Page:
Virtually every country in South Asia faces militancy and conflict to some extent. Pakistan has been especially prone. Peace education addresses the root causes of conflict and is thus a sustainable long-term solution in conflict resolution and prevention efforts. This report examines nine representative peace education initiatives in Pakistan to better understand what types of interventions were most effective, the differences and similarities between peace education programs and curricula in schools and madrassas, and what the peacebuilding field can draw from the selected case studies.

Summary

  • One of the constraints of peace education in Pakistan is the presence of three parallel education systems that have limited or no interaction, which renders any one-size-fits-all peace education model unlikely to succeed.
  • Across the board, teachers appreciated exposure to peace education training and felt that such programs help in reducing stereotyping of the Other.
  • Many students, in both public and private schools, reported direct exposure to violence in communities, homes, and schools. In some cases, students said peace education has reduced violence, such as bullying, at schools.
  • Nongovernmental organizations (NGOs) with a larger canvas and stronger roots at community levels have a better chance of success.
  • Contextual relevance and conflict sensitivity should be central to implementation of peace education programs.
  • Peace education organizations hesitate to focus on intra- and interfaith conflicts and violence. More specifically, madrassas consider the issue of sectarian violence off limits.
  • Other than the quality of contents, peace education depends on the quality of teachers, which varied from project to project. Students respond more readily to trained teachers.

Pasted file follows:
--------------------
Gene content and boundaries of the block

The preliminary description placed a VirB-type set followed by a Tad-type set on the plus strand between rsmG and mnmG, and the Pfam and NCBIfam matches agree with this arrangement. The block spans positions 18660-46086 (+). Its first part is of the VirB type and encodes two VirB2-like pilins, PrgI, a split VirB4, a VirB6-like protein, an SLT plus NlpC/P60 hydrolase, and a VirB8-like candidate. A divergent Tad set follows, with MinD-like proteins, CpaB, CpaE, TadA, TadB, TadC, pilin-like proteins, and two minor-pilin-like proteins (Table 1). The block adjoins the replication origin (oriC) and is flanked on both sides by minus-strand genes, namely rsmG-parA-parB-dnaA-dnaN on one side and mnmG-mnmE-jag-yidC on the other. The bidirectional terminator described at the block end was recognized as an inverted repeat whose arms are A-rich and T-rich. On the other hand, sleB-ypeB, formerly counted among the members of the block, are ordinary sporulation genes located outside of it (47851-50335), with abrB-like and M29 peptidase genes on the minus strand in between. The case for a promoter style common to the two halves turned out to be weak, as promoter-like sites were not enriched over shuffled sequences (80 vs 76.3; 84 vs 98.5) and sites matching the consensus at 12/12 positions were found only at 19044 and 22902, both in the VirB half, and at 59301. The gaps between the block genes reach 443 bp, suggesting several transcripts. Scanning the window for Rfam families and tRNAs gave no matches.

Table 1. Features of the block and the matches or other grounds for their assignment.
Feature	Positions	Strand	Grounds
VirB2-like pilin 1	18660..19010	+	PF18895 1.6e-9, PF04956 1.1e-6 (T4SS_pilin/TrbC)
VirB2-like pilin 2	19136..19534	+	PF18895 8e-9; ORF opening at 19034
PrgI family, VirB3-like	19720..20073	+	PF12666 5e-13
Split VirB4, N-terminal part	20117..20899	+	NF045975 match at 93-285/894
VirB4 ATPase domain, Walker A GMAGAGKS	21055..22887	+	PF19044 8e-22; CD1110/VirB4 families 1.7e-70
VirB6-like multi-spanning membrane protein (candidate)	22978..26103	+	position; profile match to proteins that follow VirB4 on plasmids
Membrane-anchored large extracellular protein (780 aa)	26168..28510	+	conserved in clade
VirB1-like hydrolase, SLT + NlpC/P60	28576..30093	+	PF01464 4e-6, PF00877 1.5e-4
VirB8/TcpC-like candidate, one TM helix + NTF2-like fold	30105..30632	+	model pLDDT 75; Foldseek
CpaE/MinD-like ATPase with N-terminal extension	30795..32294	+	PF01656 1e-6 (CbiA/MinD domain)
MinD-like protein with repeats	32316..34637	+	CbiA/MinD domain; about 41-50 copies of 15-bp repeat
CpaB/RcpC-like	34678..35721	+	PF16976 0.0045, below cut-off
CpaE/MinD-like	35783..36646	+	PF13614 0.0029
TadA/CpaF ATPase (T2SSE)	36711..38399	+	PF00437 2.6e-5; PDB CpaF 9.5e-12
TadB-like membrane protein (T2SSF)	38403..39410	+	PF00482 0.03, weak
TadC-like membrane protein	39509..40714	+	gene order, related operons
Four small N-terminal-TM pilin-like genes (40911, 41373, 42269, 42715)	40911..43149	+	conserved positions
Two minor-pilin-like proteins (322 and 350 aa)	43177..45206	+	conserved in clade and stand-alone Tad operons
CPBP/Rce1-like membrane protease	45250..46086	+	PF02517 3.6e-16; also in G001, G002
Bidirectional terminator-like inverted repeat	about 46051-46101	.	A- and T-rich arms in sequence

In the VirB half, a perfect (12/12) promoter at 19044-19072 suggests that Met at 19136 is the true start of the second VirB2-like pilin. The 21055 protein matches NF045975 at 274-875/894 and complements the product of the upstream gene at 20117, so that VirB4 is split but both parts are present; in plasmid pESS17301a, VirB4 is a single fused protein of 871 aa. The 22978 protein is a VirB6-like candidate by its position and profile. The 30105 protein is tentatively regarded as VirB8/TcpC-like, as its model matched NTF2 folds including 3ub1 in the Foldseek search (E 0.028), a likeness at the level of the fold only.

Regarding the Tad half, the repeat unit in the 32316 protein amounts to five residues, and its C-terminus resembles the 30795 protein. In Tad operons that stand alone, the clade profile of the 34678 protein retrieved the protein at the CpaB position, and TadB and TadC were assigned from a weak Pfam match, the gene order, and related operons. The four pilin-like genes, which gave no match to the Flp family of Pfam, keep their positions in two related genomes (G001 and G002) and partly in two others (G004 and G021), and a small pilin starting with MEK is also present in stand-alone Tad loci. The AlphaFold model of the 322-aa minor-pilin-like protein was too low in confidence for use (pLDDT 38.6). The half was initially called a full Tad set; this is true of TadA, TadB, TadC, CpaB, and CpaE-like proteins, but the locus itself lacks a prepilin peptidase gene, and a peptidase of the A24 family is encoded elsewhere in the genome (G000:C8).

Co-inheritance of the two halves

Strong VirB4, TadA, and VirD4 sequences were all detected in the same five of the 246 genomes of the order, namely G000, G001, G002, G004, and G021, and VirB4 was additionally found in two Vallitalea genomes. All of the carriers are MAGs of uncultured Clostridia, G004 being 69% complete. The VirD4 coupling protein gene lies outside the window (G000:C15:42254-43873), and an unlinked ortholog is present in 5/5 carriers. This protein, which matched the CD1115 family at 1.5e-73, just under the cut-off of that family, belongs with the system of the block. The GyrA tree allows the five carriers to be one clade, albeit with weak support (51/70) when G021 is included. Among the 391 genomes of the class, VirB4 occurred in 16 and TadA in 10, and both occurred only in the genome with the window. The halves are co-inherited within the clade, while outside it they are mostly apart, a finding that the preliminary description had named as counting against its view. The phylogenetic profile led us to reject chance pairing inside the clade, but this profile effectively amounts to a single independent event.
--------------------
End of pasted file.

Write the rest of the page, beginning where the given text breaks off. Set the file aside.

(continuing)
• Participatory pedagogies are significant for achieving the desired outcomes of peace education.
  • Peace education programs need to strengthen their outreach by bringing parents on board.
  • NGOs and their international partners should keep trying to integrate peace education in curricula at provincial levels.

About the Report

With an eye to the theory that radicalization is a function of social and political marginalization more than of economic poverty, this report examines a cross-section of peace education initiatives in Pakistan. It relies on data collected through interviews with program teachers and students when possible. Funded by the United States Institute of Peace, it is part of a larger Center for South and Central Asia study on the role of education in preventing violent conflict.

About the Author

Zahid Shahab Ahmed is a postdoctoral fellow at the Alfred Deakin Institute for Citizenship and Globalization, Deakin University, Australia. He received his PhD from the University of New England in Australia and his MA in peace education from the University for Peace in Costa Rica. Since 2003, he has worked with numerous local and international development organizations on peacebuilding projects with a special focus on peace education. Additional research assistance for this report was provided by Musharaf Zahoor, Khan Zeb, and Rizwan Ali of the Centre for International Peace and Stability at the National University of Sciences and Technology in Islamabad. Maheen Piracha provided important and appreciated editorial support.

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